Bill hopes to incentivize pork producers to give pregnant sows more room

OKLAHOMA CITY (KFOR) – The Kirkpatrick Policy Group said the Oklahoma pork industry exports about two billion pounds of pork annually.

A new senate bill is hoping to provide incentives to factory farmers to give pregnant pigs a little more room, in an effort to improve the quality of their short life.

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“A comfortable pig is a better tasting pig,” said Sen. George Young, D-Oklahoma City.

Sen. George Young authored Senate Bill 1325 for Oklahoma factory pig farms.

“I like to call them slaughterhouses,” said Young.

He said many female pigs, or sows, live in seven by two feet gestational crates during their 114-day pregnancy.

Young said he was recently approached by the Kirkpatrick Policy Group, which has an interest in animal rights and these crates.

“[The sow] can’t stand up, turn around, extend her limbs,” said Brendan Young, with Kirkpatrick Policy Group. “After litter of piglets during her short life. And then she’s slaughtered at the end of that.”

The group is hoping Oklahoma pig farmers will want to follow California’s Proposition 12 rules, giving sows more room.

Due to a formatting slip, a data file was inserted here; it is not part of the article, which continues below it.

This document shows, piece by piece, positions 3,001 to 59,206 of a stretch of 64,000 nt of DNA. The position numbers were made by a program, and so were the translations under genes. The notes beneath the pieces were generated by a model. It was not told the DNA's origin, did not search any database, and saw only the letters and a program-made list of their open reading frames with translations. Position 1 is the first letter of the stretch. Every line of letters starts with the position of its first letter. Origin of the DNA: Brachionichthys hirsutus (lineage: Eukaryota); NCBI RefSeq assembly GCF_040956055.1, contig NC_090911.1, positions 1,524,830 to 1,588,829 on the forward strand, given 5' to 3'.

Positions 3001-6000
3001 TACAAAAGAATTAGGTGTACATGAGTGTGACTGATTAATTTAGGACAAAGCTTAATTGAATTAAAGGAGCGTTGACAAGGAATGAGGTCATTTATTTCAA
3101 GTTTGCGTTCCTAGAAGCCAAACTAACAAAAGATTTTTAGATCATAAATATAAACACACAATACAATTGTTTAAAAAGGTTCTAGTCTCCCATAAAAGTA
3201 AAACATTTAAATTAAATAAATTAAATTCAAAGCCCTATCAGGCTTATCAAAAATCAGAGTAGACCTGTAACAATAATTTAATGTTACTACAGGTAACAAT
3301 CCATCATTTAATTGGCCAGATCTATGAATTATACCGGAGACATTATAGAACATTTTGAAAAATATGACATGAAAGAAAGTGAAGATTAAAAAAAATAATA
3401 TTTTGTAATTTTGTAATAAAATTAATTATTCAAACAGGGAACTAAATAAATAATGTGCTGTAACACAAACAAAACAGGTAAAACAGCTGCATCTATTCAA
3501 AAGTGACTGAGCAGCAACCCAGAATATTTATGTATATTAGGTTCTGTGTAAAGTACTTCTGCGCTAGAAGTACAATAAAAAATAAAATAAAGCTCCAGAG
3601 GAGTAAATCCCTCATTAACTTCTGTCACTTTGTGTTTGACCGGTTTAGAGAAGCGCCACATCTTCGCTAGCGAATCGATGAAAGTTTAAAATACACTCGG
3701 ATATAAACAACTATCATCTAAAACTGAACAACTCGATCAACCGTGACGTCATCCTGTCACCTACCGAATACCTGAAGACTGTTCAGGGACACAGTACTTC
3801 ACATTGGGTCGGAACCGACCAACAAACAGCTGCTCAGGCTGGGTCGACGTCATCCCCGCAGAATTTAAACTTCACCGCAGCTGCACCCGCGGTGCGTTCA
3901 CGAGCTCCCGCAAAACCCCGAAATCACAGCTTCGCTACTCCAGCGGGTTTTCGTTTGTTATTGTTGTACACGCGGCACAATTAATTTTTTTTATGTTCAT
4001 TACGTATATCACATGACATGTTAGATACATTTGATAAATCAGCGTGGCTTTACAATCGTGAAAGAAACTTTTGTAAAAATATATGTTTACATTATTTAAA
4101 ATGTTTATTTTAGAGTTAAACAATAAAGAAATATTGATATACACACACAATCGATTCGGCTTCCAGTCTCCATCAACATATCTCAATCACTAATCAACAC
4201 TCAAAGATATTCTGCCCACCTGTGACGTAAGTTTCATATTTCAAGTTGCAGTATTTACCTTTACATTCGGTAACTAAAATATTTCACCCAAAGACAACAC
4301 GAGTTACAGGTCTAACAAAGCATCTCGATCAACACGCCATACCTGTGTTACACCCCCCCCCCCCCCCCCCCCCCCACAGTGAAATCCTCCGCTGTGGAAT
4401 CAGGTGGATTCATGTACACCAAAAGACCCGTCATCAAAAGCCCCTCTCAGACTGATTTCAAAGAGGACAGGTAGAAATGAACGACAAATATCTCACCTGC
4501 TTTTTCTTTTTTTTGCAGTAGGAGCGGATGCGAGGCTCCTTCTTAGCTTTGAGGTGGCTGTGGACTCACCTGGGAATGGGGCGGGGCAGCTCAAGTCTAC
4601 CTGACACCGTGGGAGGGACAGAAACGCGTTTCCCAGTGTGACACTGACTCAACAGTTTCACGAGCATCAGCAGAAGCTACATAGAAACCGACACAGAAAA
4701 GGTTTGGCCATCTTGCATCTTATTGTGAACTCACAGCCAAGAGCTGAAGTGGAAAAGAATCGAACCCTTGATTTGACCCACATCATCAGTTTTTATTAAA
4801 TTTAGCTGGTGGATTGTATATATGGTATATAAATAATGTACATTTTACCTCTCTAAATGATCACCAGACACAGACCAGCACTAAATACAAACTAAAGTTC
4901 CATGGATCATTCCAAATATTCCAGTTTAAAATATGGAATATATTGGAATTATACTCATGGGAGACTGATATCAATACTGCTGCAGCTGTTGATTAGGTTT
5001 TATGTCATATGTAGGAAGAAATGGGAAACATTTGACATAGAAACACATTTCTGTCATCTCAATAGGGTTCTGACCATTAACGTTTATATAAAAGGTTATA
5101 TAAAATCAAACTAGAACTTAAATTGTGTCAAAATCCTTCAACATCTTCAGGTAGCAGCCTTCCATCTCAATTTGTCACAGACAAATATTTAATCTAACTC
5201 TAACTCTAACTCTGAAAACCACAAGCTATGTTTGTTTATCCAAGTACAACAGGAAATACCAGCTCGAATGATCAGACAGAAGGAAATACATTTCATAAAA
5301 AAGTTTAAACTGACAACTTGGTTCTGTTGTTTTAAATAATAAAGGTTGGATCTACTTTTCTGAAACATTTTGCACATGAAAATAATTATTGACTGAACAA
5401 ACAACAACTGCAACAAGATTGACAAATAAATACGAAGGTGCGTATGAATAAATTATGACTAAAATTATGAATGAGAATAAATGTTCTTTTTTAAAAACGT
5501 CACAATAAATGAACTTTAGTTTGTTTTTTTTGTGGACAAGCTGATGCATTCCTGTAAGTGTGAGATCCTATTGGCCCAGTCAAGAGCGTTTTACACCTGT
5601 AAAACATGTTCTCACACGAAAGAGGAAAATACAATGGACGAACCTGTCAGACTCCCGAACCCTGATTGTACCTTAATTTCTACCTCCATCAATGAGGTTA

“It actually calls for 37 and a half feet, which is a number that is larger than Prop 12 compliance,” said Hoover. “That would give the animals even more space to turn around.”

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The group and senator wrote the bill to create a $4 million fund, with the Department of Commerce, to provide grants to farmers wanting to make changes.

They said they are not trying to force change, but they believe the pork producers could profit off this. The two suggest pork producers put something on a label, like chicken producers do with a “cage-free” label.

“It’s a selling point. People like to buy it because they believe that the animal has been treated fairly,” said Young. “And here’s some money to get it done.”

News 4 reached out to Oklahoma industrial farmers, who directed us to the Oklahoma Pork Council.

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We reached out to the Oklahoma Pork Council on Monday.

Days later, the council sent us the following statement, not commenting on the legislation.

Oklahoma’s pig farmers are laser-focused on providing affordable, safe, and nutritious food to help feed families around the world. Working closely with veterinarians, our producers are committed to safely and sustainably delivering high quality protein as a key contributor to Oklahoma’s proud agriculture community.

Oklahoma Pork Council

News 4 also reached out to a number of legislators with an interest in agriculture. We either did not hear back or were told they were too busy to comment.

“We’re not anti meat,” said Hoover. “We’re just saying let the animals live a little better until it’s time for them to serve their ultimate purpose.”

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